Barry’s father was active in the local soccer scene as a referee, and the beautiful game of the mid-’70s is where his love of sport began.
“The 1977 FA Cup final,” he says.
“I remember deciding, while watching, that Manchester United had to win and that Liverpool had to lose. I don’t know what it is that makes a young lad follow a particular team, but I followed United.
“Another memory from that time was of United losing 4-0 to Nottingham Forest. I remember just being on the couch, weeping, after that.”
He played sport as a kid, but characterises his youthful self as “an odd young fella”.
“I wasn’t much for team sports, I’d have liked kicking a ball against a wall, if you like.
“I went to Sexton Street CBS in Limerick, which was pure GAA, and the Harty Cup was the big deal: the Harty players — who tended to be from the country, so we regarded them as bog-trotters — would be taken out at the ‘sos’ at 11am and been fed on soup and sandwiches for the Harty.
“And being from Limerick, there’d have been an interest in rugby. I’m from Young Munster territory, and there’d be family connections there going way back.”
As a teenager books and music intruded. In Barry’s words: “You get poetic and start listening to Morrissey,” and the sports faded for a while. When Alex Ferguson came on the scene at United, though, Barry rediscovered his faith: “I thought about Lee Sharpe, ‘a jinky winger is what we need’, and then I was trapped in it completely again.”
Snooker also vies for Barry’s attention.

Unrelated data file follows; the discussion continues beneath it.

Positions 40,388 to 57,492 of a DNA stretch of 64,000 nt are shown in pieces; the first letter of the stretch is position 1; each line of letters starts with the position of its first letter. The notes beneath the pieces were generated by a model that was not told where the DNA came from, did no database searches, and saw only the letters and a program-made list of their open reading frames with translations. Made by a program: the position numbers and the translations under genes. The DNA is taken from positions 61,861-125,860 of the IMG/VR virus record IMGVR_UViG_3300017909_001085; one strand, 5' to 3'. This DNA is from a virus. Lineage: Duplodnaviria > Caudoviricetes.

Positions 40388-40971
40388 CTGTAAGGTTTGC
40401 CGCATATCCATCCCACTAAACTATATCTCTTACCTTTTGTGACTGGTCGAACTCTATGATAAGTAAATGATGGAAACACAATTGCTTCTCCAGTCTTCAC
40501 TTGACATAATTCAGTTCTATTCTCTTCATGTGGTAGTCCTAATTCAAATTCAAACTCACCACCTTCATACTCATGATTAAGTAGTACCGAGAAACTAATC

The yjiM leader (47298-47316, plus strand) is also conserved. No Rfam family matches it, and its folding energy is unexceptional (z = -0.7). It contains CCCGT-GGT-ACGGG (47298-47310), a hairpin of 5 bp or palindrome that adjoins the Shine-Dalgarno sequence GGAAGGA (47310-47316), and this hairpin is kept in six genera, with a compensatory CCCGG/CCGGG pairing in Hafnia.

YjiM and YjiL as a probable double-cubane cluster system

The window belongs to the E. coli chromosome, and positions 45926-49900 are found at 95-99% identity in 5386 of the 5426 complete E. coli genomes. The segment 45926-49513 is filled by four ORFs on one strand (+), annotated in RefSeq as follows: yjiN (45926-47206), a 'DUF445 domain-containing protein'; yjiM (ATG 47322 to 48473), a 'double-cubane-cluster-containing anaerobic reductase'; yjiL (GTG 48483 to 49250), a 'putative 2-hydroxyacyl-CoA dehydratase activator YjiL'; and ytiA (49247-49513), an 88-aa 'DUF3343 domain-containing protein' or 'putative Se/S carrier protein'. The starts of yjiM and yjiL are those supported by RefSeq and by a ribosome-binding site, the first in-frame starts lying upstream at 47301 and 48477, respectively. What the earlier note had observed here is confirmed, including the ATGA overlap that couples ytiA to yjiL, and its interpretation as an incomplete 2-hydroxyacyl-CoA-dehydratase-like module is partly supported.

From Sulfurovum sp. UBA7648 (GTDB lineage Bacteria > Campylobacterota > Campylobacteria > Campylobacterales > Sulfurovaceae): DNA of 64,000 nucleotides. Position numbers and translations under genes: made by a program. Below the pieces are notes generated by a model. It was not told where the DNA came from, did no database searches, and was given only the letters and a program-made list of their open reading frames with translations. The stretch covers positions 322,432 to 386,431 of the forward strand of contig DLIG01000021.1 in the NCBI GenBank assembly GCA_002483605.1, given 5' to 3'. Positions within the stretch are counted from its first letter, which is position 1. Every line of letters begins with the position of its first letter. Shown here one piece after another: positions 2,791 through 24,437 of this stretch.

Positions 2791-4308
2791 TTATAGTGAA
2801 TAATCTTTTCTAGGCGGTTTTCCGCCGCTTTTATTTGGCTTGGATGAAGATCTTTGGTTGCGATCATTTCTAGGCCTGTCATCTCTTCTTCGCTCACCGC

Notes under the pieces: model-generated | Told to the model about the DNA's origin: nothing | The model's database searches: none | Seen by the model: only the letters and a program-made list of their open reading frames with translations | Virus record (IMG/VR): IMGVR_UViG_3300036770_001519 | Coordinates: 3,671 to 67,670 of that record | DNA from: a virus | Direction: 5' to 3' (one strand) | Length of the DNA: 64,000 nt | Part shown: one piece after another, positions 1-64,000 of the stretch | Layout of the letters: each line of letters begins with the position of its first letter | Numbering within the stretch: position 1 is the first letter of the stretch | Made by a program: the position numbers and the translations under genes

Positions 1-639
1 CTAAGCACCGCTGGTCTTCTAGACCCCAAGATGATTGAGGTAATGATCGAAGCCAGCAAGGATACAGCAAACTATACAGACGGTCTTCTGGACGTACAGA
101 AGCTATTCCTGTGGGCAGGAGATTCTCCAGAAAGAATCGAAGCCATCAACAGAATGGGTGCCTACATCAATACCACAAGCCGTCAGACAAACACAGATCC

“I watch everything. Classic snooker from the ‘80s on satellite at three in the morning, that kind of thing.
“I find myself thinking, ‘I should really go to bed now... but didn’t Cliff Thorburn have some safety game?’ Kirk Stevens — before the fall — all of them.
“Actually, the only thing I was ever handy at playing-wise was snooker, but like a lot of lads my snooker was ruined by playing on pool tables.”
The parallels between artists and sportspeople when it comes to commitment are obvious, he says.
“It sounds corny but I find good sportspeople incredibly inspiring. Someone like Ryan Giggs proves all those cliches about 5% inspiration and 95% perspiration. There has to be more than talent, there has to be application and workrate and that’s applicable to what I do as well.
“I often get emotional when I see the intensity.
“What’s interesting is that I’m always looking for really good sportswriting. That’s hard to do, describing sport. I just read Norman Mailer’s The Fight, about the Rumble in the Jungle. It’s rare, he’ll give 20 or 30 pages on a round — unbelievable.”
Why aren’t there more sporting references in Irish fiction, then?
“I don’t know. I’ve often wondered myself where the great GAA novel is. It’s surely out there.
“I’ve only one mention of sport in my own new book — there’s a cafe in one scene and on the wall there’s pictures of football teams, and just one line, ‘long gone in Bohane the days of the All-Irelands’.
“All we know about sport in Bohane is that there’s a classic All-Ireland drought!”
No drought with quality fiction, mind you.
* City of Bohane by Kevin Barry (Jonathan Cape, £10.99 (€12.50) is in the shops now.